Expanding ties

Expanding ties

SECOND EDIT


The decision of the Shanghai Co-operation Organisation (SCO) to expand and upgrade its co-operation with countries having observer status in the grouping provides an opportunity for India to further strengthen its relations within an institutional framework with the member countries. The SCO is a regional forum with Russia, China and four Central Asian republics as its members. India, Pakistan, Iran and Mongolia are observers.

The annual summit meeting of the organisation, held in Dushanbe in Tajikistan last year, had decided to widen its activities and consider the possibility of enlarging the membership. The latest offer, made by the defence ministers of the body who met in Moscow last week, is in accordance with it. There is a moratorium on new membership but Russia wants it to be lifted and India and Iran admitted as members. But China has not favoured the proposal and has pleaded Pakistan’s case. It was by way of a compromise that the three countries were given the status of observers.

India too has been lukewarm to the SCO and this position has coincided with its increasingly close relationship with the US. There is a security underpinning for the SCO and the members have held joint military exercises. The present proposal for upgrading of relations involves participation in the group’s defence and security activities too. But it is not a military bloc. India need not have any reservations about it because all other participants are countries with whom India either has good relations or wants to improve them. There is a perception that the SCO is a forum for countering US influence in Asia. India in any case is not an ally of the US to be wanting to protect its interests in the region and should look after its own interests.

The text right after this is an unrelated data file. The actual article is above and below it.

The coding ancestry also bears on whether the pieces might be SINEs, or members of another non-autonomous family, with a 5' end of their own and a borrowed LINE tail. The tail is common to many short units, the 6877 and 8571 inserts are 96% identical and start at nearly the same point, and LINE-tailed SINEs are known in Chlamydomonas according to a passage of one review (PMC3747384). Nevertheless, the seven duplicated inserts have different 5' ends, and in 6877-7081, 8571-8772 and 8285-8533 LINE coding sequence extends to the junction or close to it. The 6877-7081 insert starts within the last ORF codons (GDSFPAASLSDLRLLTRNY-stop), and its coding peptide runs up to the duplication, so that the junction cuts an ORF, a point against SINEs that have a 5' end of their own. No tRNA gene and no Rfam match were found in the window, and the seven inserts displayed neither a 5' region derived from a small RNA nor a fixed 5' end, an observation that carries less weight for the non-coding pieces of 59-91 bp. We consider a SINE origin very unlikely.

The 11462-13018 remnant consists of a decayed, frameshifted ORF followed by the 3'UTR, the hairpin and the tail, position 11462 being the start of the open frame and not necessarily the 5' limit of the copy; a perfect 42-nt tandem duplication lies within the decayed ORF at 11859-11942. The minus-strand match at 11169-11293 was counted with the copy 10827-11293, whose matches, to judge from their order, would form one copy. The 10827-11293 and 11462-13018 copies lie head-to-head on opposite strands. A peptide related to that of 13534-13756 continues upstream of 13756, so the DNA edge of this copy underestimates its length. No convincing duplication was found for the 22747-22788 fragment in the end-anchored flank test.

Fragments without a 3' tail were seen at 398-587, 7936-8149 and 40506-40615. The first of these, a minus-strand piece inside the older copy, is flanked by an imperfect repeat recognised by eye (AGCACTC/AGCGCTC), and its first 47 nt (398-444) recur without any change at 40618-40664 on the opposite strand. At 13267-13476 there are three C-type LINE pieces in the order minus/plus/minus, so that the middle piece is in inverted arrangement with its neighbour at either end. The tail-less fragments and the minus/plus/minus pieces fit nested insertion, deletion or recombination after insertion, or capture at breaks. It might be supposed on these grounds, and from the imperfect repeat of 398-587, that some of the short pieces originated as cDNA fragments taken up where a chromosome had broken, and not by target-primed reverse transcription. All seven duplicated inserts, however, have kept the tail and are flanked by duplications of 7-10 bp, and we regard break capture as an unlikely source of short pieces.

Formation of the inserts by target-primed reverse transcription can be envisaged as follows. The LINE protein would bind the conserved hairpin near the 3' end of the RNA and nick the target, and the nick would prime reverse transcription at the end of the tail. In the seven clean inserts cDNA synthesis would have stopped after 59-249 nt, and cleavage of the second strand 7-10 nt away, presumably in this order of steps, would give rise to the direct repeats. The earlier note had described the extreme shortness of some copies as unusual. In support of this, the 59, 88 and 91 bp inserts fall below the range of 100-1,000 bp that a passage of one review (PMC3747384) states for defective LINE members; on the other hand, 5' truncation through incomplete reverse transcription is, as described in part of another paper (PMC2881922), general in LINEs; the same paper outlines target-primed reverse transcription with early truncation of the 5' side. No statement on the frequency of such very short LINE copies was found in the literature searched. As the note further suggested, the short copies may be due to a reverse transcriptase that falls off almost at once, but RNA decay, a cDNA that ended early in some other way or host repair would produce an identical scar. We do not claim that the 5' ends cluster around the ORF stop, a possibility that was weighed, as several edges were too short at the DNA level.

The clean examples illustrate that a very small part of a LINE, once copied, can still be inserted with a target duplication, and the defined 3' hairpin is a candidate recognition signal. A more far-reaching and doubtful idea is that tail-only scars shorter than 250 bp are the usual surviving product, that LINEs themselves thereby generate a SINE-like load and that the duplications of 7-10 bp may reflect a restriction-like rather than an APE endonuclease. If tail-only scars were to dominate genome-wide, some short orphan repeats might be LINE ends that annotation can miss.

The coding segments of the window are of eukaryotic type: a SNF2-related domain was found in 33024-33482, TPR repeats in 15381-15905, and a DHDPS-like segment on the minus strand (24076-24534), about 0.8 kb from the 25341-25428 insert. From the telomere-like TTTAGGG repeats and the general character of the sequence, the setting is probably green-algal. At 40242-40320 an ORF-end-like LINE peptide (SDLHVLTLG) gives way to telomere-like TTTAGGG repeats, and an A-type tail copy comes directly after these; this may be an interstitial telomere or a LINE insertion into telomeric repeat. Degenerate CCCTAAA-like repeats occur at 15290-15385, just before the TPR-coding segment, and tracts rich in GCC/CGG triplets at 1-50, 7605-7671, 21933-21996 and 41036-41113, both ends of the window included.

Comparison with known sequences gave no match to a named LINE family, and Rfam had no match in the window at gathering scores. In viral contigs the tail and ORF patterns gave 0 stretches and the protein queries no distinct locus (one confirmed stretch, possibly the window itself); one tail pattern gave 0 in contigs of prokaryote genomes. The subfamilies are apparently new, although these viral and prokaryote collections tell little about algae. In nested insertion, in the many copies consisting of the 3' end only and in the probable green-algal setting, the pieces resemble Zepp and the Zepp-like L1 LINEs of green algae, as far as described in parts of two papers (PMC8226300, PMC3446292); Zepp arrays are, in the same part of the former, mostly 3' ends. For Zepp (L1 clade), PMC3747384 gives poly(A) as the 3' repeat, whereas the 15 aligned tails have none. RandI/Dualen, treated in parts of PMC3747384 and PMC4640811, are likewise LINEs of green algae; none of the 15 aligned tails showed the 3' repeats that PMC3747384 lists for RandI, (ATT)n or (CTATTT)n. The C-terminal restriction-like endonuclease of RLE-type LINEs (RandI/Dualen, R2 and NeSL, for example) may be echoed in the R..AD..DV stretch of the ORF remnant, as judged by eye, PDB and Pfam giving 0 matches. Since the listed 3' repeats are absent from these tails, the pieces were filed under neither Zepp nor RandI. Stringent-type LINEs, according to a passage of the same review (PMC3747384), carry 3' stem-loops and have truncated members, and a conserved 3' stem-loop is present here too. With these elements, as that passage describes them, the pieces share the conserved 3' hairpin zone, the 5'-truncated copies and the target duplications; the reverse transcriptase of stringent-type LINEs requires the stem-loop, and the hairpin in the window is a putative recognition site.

The strategic importance of the SCO is clear from its geography and the economic and political profiles of its member countries. India will only gain from greater engagement with it. Even the new US policy is to improve bilateral relations with the SCO members in all aspects. In a world of interlocking interests multiple levels and spreads of  engagement are necessary to maximise national interests. It does not help India to be seen as aligned to the US and misaligned with the region’s major powers. New Delhi should welcome the SCO’s offer and express its keenness to develop closer institutional ties with the grouping at its summit to be held in Russia next month.

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